Dr. Walter Benson Rubusana was a notable South African leader and sometime political rival of John Tengo Jabavu. Interestingly Rubusana become the first black African ever elected to serve as a member of the Cape Provincial Council. He was elected president of the South African Native Convention in 1909 before becoming one of the vice-presidents of the organisation that became the African National Congress after attending their inaugural conference in Bloemfontein in 1912.

The Homophon recording is one of, if not the first of any South African political leader, black or white. While it is likely that the record was issued in 1913, it is significant that the recordings predate Zonophone’s historic 4000 series of South African material launched in 1912. Within the history of black Southern African recordings these two tracks are only preempted by the mostly religious tunes cut in 1907 by the Swazi Chiefs and issued on the Gramophone Concert Record (GCR) label. 

I found it odd that Hugh Tracey, as one of the earliest collectors of African music did not have any Zonophone and GCR discs in his collection. However, this Homophon disc qualifies as the oldest recording in the ILAM collection. In my view it is a recording of great historical significance and warrants further research. 

Many thanks to ILAM, Diane Thram, Elijah Madiba, Liezl Visagie and Chris Ballantine for making this project possible.

Kendall Buster and Elijah Madiba in the ILAM recording studio, July 2015.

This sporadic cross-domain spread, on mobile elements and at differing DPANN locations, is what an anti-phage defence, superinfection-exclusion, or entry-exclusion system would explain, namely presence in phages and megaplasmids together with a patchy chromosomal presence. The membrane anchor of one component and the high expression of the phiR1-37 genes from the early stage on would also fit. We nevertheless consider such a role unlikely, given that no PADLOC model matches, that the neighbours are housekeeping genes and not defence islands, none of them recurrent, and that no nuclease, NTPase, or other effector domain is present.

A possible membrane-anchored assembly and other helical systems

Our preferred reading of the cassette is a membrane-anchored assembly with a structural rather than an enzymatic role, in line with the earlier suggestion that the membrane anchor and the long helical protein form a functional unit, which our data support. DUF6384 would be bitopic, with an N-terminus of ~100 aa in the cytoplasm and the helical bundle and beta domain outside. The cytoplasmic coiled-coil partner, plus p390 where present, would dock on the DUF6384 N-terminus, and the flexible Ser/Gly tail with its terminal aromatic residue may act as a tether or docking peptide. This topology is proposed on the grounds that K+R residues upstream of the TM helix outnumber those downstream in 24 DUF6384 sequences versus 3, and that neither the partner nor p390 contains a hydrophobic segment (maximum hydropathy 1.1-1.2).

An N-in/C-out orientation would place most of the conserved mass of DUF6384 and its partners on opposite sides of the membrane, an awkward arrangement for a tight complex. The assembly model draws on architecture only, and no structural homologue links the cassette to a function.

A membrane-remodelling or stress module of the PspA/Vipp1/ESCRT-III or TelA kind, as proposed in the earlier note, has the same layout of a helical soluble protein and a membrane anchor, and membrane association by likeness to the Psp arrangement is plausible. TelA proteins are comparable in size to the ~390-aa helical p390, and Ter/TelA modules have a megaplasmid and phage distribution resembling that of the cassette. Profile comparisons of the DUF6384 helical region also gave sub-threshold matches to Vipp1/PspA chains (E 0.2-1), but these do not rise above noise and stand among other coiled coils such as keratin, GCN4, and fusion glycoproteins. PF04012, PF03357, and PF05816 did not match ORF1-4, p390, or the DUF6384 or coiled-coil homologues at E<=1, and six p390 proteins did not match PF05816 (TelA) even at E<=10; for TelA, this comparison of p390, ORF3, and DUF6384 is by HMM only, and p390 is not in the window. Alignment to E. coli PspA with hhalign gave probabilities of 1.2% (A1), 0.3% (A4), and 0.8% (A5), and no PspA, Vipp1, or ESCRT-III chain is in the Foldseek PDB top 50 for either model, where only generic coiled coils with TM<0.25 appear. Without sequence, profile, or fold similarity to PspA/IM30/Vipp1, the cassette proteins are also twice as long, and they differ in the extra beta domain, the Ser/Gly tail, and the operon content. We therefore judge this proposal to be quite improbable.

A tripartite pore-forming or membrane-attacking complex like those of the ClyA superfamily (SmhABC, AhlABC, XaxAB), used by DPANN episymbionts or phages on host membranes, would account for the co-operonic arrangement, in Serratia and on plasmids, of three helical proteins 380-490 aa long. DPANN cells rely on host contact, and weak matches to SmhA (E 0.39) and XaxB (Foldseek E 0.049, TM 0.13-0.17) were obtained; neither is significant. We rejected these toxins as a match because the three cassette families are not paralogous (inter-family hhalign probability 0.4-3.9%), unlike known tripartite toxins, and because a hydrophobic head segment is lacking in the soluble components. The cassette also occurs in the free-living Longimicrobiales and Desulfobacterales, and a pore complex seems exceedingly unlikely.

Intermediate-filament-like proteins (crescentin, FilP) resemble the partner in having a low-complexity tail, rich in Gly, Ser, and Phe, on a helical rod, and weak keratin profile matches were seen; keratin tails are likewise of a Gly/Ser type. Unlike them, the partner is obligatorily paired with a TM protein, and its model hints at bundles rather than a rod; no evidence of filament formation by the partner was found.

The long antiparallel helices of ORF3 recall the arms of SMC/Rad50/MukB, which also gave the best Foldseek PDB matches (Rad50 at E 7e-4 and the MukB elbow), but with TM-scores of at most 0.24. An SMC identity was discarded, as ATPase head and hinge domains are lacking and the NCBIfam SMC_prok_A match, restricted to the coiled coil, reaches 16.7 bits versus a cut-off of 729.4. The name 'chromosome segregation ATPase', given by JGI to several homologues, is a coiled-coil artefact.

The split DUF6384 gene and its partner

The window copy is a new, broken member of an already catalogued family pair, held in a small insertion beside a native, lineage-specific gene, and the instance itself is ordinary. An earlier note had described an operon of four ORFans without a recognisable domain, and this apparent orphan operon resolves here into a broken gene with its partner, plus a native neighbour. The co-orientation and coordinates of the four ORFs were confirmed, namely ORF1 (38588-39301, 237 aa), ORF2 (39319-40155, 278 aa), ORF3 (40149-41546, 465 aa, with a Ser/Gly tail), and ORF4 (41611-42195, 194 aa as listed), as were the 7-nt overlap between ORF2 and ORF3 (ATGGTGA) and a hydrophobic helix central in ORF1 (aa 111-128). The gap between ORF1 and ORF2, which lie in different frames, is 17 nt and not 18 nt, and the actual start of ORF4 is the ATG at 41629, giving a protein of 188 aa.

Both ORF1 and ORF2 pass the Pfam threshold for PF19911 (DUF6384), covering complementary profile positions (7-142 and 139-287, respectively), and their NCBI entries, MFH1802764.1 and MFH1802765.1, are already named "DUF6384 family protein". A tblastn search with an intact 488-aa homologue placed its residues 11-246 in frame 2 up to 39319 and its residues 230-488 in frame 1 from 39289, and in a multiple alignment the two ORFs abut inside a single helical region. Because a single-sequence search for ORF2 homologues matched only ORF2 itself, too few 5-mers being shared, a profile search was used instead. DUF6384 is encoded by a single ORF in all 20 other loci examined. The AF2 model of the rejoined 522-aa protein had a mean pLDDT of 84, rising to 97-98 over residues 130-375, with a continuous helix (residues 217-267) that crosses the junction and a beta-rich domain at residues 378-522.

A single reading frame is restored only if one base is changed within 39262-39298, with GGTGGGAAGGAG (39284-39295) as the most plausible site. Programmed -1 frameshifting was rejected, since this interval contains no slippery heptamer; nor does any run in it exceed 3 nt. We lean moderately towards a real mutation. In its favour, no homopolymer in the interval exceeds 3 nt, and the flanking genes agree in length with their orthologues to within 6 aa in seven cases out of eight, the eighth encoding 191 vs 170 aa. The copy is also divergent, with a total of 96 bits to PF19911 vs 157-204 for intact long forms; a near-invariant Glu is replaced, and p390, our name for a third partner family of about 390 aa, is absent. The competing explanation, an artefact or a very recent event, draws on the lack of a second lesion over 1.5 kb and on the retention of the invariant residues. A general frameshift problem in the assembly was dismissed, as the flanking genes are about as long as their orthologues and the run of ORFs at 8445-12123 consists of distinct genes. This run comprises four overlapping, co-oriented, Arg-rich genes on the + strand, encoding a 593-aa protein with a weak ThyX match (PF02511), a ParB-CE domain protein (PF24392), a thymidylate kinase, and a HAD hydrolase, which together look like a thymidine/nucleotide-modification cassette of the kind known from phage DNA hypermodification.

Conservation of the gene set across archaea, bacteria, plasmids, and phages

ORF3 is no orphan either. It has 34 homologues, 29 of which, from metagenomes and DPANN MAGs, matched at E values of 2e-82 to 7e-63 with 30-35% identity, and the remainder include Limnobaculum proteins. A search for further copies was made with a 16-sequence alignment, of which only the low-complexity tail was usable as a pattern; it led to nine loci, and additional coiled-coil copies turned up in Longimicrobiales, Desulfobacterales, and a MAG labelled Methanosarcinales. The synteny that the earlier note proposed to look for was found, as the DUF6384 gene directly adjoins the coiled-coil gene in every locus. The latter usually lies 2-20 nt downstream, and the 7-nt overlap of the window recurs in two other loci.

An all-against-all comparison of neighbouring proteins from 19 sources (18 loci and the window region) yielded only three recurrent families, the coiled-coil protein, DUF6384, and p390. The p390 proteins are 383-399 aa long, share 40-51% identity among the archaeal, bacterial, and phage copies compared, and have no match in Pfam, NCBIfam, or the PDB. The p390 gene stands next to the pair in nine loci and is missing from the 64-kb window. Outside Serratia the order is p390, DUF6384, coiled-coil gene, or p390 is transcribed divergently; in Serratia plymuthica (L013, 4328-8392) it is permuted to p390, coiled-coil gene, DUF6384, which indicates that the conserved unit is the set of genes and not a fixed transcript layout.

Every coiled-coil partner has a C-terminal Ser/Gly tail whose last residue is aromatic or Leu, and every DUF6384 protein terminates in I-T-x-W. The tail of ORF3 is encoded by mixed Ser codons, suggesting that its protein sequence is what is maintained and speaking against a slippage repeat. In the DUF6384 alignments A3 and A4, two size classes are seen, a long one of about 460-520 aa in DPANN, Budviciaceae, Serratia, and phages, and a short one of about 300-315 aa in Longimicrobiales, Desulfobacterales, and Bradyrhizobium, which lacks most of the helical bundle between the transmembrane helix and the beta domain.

Photographing at ILAM

In July 2015, I visited for the first time the International Library of African Music, or ILAM, in Grahamstown, South Africa. I had approached Diane Thram, ILAM’s director, in 2013 about a proposal to photograph their 78 rpm record collection. I was looking to expand on a project to visually document every South African record ever pressed. Admittedly, an asymptotic endeavor, if not quixotic!

Read the full text in the post: Photographing at ILAM.

Sunday, November 2, 2014

Kwela - Discography (1951-1962)

Tin whistle jive, also referred to as penny whistle jive—the music which subsequently became known as kwela around 1958—was one of the first indigenous popular musics from South Africa to enjoy commercial success and international notoriety. With its roots in the marabi tradition, the music at times blended elements of rock ’n roll, blues, jazz and swing into a language of irresistibly catchy tunes ideal for dancing, and as a result generated significant cross-racial appeal.